There’s nothing like a celebration to bring co-workers together and make them feel as though they’re one unified work family. Although a celebratory meal or party can bring cohesiveness, employers should be careful not to let celebratory events become a liability. Of course, the entire point is to allow attendees to relax, have fun, and interact on a more personal level. But, the double-edge comes from attendees mistaking a relaxed atmosphere as leeway to behave in an inappropriate manner or attendees becoming so relaxed that they behave in a way that they normally wouldn’t. Out-of-bounds behavior should be of particular concern if there’s alcohol involved in the workplace celebration.
In order to avoid lawsuits, there are several elements that employers should consider prior to any celebratory workplace event. Before the event, employers should make sure that they have informed the attendees of what will be considered improper behavior. It’s a good idea to remind and caution employees that even though the event is a party, it’s still a business event and that inappropriate touching, gifting, and off-color or offensive remarks are still considered inappropriate behaviors. Employers should be mindful that under Title VII, it only takes one inappropriate incident to bring about a timely and costly lawsuit. It might be helpful to have supervisors or managers go over the company policy with employees, especially the sexual harassment section. While going over the company policy, the supervisor or manager can also inform employees if there will be any exceptions to normal company policy made specifically for the party, such as attire varying from the normal dress code.
In the event that clients will be attending a workplace party, employers might have additional concerns that should be addressed beforehand. For example, what should an employee do if a client is making inappropriate advances or conversation? It’s usually pretty clear to employees how to handle such a situation during normal workplace hours, but sometimes employees are specifically told to make sure clients have fun at a party. This can create a recipe for legal disaster if not addressed properly. Make sure to set up a way for any employee that’s been given such an assignment to exit the situation if it becomes uncomfortable for them. This can be accomplished by setting up a room as a coffee bar or lounge and ushering clients that become unruly to the room to calm down or sober up. It’s also a good idea to have a buddy system in place for all employees handling clients. If a client becomes unruly or inappropriate he/she can be passed off to their designated buddy.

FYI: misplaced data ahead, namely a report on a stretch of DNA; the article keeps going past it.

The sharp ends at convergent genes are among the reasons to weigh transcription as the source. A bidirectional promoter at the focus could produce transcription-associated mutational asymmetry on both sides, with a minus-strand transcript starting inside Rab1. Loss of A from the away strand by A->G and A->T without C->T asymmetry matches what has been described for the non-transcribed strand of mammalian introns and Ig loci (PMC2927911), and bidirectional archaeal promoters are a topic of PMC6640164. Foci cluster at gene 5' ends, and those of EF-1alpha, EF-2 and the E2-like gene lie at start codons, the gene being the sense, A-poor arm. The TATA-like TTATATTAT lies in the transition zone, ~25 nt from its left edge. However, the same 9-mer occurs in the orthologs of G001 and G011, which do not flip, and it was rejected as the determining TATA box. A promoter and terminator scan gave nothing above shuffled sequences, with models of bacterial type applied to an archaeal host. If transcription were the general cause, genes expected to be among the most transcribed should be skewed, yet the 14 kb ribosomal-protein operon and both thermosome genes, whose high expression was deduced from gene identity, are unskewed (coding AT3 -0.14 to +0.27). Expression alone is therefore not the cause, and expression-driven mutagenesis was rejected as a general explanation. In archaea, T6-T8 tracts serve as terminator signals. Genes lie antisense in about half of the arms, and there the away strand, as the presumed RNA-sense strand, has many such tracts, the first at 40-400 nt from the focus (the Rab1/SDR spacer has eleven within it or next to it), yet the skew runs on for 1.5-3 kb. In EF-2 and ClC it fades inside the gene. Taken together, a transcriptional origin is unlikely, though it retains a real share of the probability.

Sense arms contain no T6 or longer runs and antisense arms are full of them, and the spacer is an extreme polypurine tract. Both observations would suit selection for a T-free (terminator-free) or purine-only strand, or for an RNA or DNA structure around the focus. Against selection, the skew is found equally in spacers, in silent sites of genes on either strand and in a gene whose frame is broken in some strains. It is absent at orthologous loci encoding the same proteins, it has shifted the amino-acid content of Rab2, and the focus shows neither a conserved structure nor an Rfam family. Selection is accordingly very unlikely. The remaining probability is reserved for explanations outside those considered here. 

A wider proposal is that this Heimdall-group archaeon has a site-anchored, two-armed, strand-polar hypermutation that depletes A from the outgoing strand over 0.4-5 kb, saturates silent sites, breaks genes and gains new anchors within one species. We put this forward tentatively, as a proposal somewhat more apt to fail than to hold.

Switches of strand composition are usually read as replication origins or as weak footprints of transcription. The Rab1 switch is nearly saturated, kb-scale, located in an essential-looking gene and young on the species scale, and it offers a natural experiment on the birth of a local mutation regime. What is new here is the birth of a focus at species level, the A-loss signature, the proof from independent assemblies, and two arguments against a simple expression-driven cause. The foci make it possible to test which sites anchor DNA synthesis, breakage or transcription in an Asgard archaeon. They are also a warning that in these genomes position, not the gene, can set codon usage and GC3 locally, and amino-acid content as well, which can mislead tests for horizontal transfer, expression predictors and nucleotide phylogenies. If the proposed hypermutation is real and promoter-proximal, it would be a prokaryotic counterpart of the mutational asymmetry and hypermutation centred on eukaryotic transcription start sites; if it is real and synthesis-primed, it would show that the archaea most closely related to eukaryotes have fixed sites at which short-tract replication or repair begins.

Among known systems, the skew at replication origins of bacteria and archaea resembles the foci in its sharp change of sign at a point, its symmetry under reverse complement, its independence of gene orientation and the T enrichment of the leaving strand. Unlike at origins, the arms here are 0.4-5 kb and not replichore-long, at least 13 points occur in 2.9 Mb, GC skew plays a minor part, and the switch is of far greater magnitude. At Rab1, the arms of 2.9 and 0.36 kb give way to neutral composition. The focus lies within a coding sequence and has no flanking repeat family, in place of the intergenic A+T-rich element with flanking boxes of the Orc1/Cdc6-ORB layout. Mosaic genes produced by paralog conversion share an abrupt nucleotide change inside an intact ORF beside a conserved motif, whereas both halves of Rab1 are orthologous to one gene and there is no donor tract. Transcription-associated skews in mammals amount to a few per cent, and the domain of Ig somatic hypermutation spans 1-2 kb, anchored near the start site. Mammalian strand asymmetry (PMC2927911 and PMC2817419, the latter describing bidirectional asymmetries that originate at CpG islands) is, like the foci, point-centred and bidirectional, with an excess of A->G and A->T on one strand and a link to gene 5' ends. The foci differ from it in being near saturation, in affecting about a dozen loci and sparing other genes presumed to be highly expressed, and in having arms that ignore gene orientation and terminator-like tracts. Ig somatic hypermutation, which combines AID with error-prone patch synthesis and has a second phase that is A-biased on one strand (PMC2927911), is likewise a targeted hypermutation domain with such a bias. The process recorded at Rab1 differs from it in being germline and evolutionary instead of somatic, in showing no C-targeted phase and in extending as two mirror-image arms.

If alcohol is served, employers might consider having only a specific time frame for it. This can help to prevent party-goers from becoming intoxicated, belligerent, or driving home intoxicated. It’s also a good idea to have a transportation system, such as cabs or designated drivers, in place for party-goers that overdo it on alcohol.
Although inappropriate behavior directed toward an employee’s guest or family member might not be considered workplace harassment, it can cause a great deal of unnecessary workplace conflict. It should be made clear that inappropriate behavior toward any guest will have disciplinary actions.
One last concern is the first workday following the party. Everything that happened or didn’t happen will be discussed and scrutinized. Conversation and actions that might have been laughed at during the party or intended innocently might not always be so funny or acceptable by the next day. It’s important to encourage an open and honest dialogue about any gossip topics so that misconceptions and hard feelings can be prevented.